Updated March 2, 2020 . AmFam Team
If you’re struggling to pay off debt, you know it can be frustrating — and you’re not alone. The average American millennial earns an estimated 20% less than the average boomer did at the same age. With today’s high cost of living and skyrocketing student loans, millennials are having to take on large debt loads. And that makes it hard to pursue dreams like owning a home or saving for retirement.
The average American has around $38,000 in personal debt, not counting home mortgages. For those ages 18 to 24, student loans are the biggest source of debt at 28%, followed by credit card balances. For older millennials (age 25-34), credit card balances are the top source of debt, followed by student loans at 16% and mortgages at 3%. So you have a lot of company if you’re looking to get debt-free. Here are nine tips to help you get started down the road to financial freedom.
The first step is figuring out how much debt you have. Take a look at all of your loan accounts – the mortgage, credit cards, student loans, car payments and any other outstanding debt. Once you have a good handle on your total debt, you can create a plan to pay it off.
If you’re looking for ways to get your finances under control, start tracking what you spend. It’s the little purchases – like your daily vanilla latte – that add up over time. Make a journal for your finances and keep track of everything you spend, from big ticket items to little impulse buys. This is a crucial step in learning how to pay off debt.
Creating a budget is how you keep your financial dreams in clear focus. Thanks to the internet, you can take advantage of free budgeting apps to make it easier to stay on track when you’re on the go.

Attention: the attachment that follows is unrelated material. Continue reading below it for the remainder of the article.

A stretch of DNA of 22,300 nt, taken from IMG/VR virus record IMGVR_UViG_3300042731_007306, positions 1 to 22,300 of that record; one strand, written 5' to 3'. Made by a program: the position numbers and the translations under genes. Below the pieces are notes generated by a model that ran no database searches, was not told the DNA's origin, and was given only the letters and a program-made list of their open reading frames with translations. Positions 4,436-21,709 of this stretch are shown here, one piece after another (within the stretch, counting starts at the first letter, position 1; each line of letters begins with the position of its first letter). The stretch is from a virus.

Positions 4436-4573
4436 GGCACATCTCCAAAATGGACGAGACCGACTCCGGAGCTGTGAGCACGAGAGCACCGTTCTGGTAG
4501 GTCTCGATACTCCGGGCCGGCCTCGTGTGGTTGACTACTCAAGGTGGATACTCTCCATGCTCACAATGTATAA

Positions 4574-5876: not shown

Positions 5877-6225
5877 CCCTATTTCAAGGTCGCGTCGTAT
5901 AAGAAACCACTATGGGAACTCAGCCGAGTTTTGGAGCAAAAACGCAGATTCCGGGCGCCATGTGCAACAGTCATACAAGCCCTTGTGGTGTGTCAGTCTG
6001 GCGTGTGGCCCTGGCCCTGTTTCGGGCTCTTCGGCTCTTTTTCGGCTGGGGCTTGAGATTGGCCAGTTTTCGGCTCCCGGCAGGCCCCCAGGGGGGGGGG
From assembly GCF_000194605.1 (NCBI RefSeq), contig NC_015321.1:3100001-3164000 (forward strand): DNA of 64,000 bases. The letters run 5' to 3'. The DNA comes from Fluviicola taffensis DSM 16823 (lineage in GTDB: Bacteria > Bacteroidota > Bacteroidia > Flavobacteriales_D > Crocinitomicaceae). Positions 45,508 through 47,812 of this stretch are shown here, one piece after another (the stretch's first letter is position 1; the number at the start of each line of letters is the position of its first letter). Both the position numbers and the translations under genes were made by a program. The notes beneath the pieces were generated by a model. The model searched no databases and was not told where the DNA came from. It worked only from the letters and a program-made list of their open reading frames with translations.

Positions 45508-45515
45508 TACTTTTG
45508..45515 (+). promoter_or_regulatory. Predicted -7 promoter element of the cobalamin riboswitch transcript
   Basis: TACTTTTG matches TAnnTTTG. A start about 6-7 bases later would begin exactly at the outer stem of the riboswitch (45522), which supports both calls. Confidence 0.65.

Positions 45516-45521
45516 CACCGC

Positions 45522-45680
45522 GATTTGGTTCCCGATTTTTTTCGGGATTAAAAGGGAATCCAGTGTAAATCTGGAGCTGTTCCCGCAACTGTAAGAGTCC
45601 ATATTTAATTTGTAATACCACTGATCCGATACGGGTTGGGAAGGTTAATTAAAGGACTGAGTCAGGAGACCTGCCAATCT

Credit cards might be convenient, but they come with a cost. If you don’t pay your balance each month, you’re paying interest. And that means you’re not getting such a great bargain on that pair of shoes. Asking yourself if a purchase is worth taking a loan for, and paying more for, will help you identify unnecessary spending. When you’re in the process of paying off debt, try not to rack up new loans or you’ll just be back in the same hole.
Paying the most you can to the highest interest loans you have — and the minimum to the lowest — removes your most expensive debts first. Once high-interest debt is paid off, tackle the next highest, and so on.
The object is to pay as little interest as possible. Home refinancing can make a lot of sense while interest rates are low. With vehicles, looking for zero-percentage rate transfer opportunities can buy you time to pay down debt. But zero interest percentage periods are short lived, after which interest rates can jump.
If you’re dealing with a lot of debt, it can be o. And juggling bills on multiple accounts can be a lot to keep up with. One way to make it easier to manage is debt consolidation — rolling all of those individual loans into a single, lower-interest payment.
Ever walk into a store with one thing to buy, and walk out with ten things (but not the one you came in for)? That’s a great way to drain your wallet fast. Before you go shopping, write out a list and keep it with you as you shop to avoid temptation. You might also find savings with coupons and special deals if you plan ahead.
Use your skills to freelance outside of your regular work hours to bring in extra income. You’ll be in good company — an estimated 57.3 million Americans are freelancing (Opens in a new tab) (36% of the total workforce). Or, if freelance isn’t your style, get a part-time job waiting tables or driving for a ride-share like Uber to make extra cash. You can also find things around the home you don’t use and sell them! Put that extra money toward paying off your balances more quickly.
This article is for informational purposes only and based on information that is widely available. This information does not, and is not intended to, constitute legal or financial advice. You should contact a professional for advice specific to your situation.